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HomeLaw & PoliticsIsraeli Central Bank published draft paper for public comments on crypto deposits

Israeli Central Bank published draft paper for public comments on crypto deposits

The Israeli Central Bank (ICB) has released a draft guidelines for crypto deposits. Instead of issuing blanket denials, banks will now be required to investigate each company individually for such deposits.

ICB announce draft regulation for crypto deposits

The central bank of Israel announced proposed regulations that might open up the country’s financial system to crypto firms by asking banks to analyse each company independently rather than applying blanket denials on crypto deposits with banks. In this regard, the draft guidelines paper was uploaded to the bank’s website on Thursday. According to the document, banking organisations must perform risk assessments and establish policies and procedures for transactions originating from or departing to cryptocurrencies. The draft guidelines for crypto deposits are currently available for public feedback, and final rules will be developed as an outcome of it.

Banks would be “required to analyse each case on its own and would not be able to issue a broad denial to the service provider” for licenced crypto companies or financial asset service providers. Banks will also be forced to reveal the source of the funds used to acquire cryptocurrency, as well as trace the channel of transit as virtual currency changes hands “from the moment of its purchase till its exchange to fiat money and depositing into a bank account.”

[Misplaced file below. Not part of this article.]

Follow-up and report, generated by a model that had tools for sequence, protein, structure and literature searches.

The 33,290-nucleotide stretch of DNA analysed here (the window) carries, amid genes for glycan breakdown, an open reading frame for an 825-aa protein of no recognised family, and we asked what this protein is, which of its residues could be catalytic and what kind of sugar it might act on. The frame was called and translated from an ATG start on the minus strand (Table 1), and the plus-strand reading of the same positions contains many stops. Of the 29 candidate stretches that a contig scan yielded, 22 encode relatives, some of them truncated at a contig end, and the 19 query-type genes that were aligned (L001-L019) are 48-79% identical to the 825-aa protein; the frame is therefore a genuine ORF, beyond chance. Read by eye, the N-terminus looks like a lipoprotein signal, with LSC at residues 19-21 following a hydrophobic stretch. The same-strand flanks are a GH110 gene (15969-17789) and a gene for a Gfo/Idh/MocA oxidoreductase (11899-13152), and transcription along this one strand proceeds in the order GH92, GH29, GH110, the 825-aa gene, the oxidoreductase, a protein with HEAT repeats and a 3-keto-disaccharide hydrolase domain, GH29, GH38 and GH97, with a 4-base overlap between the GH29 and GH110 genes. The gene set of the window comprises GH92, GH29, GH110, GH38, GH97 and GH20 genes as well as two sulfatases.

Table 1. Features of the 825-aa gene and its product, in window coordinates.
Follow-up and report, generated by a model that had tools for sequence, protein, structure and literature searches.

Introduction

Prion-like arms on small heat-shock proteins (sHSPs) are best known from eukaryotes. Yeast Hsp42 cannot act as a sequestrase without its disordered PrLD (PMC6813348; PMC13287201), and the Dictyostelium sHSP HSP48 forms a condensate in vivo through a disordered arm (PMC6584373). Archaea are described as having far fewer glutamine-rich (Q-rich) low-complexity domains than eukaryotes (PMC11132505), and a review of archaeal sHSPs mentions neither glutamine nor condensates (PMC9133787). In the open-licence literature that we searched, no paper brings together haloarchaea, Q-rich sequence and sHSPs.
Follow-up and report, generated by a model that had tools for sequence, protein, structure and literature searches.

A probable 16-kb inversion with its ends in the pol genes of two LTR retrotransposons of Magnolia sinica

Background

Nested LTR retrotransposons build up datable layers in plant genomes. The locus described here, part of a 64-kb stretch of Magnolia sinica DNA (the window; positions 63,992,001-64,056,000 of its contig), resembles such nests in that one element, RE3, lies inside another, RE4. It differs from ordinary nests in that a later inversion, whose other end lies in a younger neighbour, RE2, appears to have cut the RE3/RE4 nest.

The proposal is also compliant with anti-money laundering (AML) legislation that went into force in November. At the time, crypto proponents in Israel hoped that AML legislation would make it easier for banks to onboard crypto consumers. To avoid the use of cryptocurrency for money laundering, regulators throughout the world are tightening AML legislation and compliance.

The European Union’s legislators are seeking to ensure that its new AML authority has strong jurisdiction over virtual currencies. Earlier this year, a number of significant financial businesses based in the United States, including Coinbase, Fidelity, and Robinhood, united together to bring digital assets in line with worldwide AML regulations.

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